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RISMEDIA, June 4, 2009-(MCT)-Generation Y is getting jazzed about a new $8,000 federal tax credit for first-time home buyers-jumping at the opportunity to move up and out of their rentals.

“The last 90 days I’ve seen it go crazy,” Kevin Foster, a real estate agent with Reece & Nichols in Lee’s Summit, said Tuesday. “Every conference room has been full with agents working on offers, and many are people in their 20s.”

Peter Abbey, 26, and his girlfriend, Abigail Barnett, 27, were among them.

Abbey, bar manager at Avenue Bistro in Kansas City, and Barnett, a hospital administrative assistant, had been saving to buy a house the past couple of years but weren’t quite there yet. Until Congress approved the expanded tax credit in February.

Now they’re leaving their rented home in the city for their own place in Roeland Park.

“We were saving money and waiting for the right time, and that definitely helped give us a push,” Abbey said. “We were able to buy a little bit earlier because of the government tax credit.”

The Kansas City Regional Association of Realtors said April sales of new and existing homes were up 10% from March, with almost 2,500 homes sold.
“We’re seeing a lot of first-time buyers back in the market again,” said Chris Collins of Keller-Williams and president of the association. “The tax credit along with historically low mortgage rates is affecting the market.”

The tax credit was part of President Barack Obama’s $787 billion American Recovery and Reinvestment Act. It’s available to people buying their first home in 2009 as long as the purchase is completed by Dec. 1.

Because of the one- to two-month lag between a contract and a done deal, many home buyers are making offers on homes now.

As opposed to a $7,500 tax credit available in 2008, the latest incentive doesn’t have to be repaid if the taxpayer remains in the home for at least three years.

At the national level, a report Tuesday said pending home sales in April were up 6.7% from March, the biggest monthly increase since October 2001, according to a seasonally adjusted index of sales contracts kept by the National Association of Realtors.

“We expect greater activity in the months ahead,” Lawrence Yun, the Realtors’ chief economist, said in a statement Tuesday.

Although economists are encouraged by signs that demand for housing is returning, the outlook is far from sunny. Mortgage rates are rising, making homes less affordable for many borrowers.

The average rate for a 30-year, fixed-rate mortgage is about 5.3% this week compared with about 5% last week, according to Bank-rate.com.
The health of the U.S. housing market, mired in a three-year slump, is one of the key issues facing the economy. Though sales may be recovering, analysts cautioned that prices will take longer to stabilize because of the glut of unsold properties. Prices are unlikely to rise until foreclosures start declining, and that’s unlikely to happen before the end next year.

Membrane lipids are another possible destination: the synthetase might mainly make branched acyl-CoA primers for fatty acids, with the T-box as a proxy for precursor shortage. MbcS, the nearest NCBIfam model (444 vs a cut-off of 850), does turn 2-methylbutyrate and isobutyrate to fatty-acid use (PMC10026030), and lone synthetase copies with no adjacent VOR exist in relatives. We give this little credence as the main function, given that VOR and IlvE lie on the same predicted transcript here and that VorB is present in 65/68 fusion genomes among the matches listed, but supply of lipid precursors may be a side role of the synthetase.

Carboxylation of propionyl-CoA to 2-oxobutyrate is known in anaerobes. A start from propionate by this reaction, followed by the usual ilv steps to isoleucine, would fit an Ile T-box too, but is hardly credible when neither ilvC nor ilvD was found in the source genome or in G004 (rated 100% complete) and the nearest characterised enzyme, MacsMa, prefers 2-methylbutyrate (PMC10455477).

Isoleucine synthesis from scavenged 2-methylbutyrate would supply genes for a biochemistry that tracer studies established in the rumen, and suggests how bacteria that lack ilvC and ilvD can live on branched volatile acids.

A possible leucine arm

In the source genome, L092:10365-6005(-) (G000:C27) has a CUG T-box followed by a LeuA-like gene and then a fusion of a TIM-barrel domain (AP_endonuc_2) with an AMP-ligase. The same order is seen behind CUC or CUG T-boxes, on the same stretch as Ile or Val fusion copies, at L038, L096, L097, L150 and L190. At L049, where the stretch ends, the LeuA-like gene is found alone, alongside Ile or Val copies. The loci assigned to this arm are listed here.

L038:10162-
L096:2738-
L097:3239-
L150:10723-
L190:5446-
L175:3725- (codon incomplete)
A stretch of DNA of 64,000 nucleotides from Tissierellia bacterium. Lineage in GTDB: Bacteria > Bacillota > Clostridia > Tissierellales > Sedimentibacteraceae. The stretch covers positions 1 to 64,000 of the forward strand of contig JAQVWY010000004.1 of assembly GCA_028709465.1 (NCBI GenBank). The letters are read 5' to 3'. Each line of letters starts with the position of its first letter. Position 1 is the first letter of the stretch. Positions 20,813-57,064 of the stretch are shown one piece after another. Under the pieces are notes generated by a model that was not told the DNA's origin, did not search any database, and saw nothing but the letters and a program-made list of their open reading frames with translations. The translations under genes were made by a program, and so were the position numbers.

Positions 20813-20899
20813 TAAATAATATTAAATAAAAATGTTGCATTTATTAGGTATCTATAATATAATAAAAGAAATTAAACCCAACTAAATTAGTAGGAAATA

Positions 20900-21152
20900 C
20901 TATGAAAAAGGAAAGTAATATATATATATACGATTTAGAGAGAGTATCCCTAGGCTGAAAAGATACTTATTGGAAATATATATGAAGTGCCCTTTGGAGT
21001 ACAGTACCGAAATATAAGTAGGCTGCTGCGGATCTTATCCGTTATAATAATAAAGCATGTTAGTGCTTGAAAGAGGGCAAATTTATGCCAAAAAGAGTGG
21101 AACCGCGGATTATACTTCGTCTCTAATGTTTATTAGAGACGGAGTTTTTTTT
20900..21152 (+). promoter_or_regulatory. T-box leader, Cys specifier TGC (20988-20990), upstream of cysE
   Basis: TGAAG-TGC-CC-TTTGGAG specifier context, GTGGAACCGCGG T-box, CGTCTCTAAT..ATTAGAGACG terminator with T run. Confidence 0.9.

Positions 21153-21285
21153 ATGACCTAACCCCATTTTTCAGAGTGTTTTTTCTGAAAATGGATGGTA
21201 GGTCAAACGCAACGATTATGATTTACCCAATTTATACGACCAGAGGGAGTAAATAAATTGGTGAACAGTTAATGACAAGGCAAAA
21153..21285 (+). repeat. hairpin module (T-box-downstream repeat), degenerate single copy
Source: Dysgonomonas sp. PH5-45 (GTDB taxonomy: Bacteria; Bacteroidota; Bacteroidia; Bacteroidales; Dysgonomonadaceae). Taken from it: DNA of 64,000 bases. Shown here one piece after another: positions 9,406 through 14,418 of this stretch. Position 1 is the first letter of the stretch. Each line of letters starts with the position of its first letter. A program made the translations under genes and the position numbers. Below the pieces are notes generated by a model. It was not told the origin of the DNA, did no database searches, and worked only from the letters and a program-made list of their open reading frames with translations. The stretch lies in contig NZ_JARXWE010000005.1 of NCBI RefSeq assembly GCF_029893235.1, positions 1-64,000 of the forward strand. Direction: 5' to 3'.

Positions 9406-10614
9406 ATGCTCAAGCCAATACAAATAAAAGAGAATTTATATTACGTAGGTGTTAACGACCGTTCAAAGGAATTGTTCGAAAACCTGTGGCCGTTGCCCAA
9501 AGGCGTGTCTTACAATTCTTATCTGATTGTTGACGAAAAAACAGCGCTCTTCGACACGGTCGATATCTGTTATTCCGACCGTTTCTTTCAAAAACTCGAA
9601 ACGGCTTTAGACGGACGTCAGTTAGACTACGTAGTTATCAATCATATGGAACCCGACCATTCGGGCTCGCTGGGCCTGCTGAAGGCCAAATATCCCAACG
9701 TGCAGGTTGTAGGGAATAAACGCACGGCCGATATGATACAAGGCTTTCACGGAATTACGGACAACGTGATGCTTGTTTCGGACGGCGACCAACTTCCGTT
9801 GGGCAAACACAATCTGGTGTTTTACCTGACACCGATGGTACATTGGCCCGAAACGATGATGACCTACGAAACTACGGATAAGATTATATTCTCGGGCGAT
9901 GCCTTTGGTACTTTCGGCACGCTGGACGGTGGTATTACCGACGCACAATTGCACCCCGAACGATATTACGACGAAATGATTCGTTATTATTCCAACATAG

The national median sales price in April plunged more than 15% from year-ago levels to $170,200, driven by sales of inexpensive foreclosures and other distressed low-end properties.

That was the second-largest yearly price drop on record, according to the national Realtors’ group.

But Jeff McCalmon of Suburban Financial/Tightwad Bank said the tax credit is getting the desired results.

“It’s jump-starting the market because it gets started with first-time buyers and then other people move up,” said McCalmon, who worked with Abbey and Barnett on obtaining their loan.

Shelley R. Denman, past president of the Mortgage Bankers Association of Greater Kansas City, said loan activity is on an upswing with about 50% coming from first-time buyers.

Her bank, Peoples Bank of Overland Park, has just completed the best three months since 2003.

“Ever since that (tax incentive) came out, we’ve seen a massive increase in first-time homebuyers,” she said.

Kalie George is using the tax credit to help her buy a 1930s bungalow in Kansas City, Kan. She’s getting a great price as well, $34,000, because the house was in foreclosure.

“I’m 22 and a first-time buyer,” she said. “It definitely made it more feasible to make things happen.”

Tax Credit Details:

– First-time home buyers can claim 10% of the home’s purchase price on their tax return-up to $8,000, or $4,000 if married filing jointly.
– The home must be purchased by Dec. 1.
– The credit doesn’t have to be repaid if the buyer lives in the home for 36 months after the purchase date.
– The Federal Housing Administration last week released details of a plan in which borrowers who use FHA loans can get advances from lenders that let them effectively receive the credit in advance, so they don’t have to wait to get the money from the Internal Revenue Service.

The Associated Press contributed to this report.

Copyright © 2009, The Kansas City Star, Mo.
Distributed by McClatchy-Tribune Information Services.

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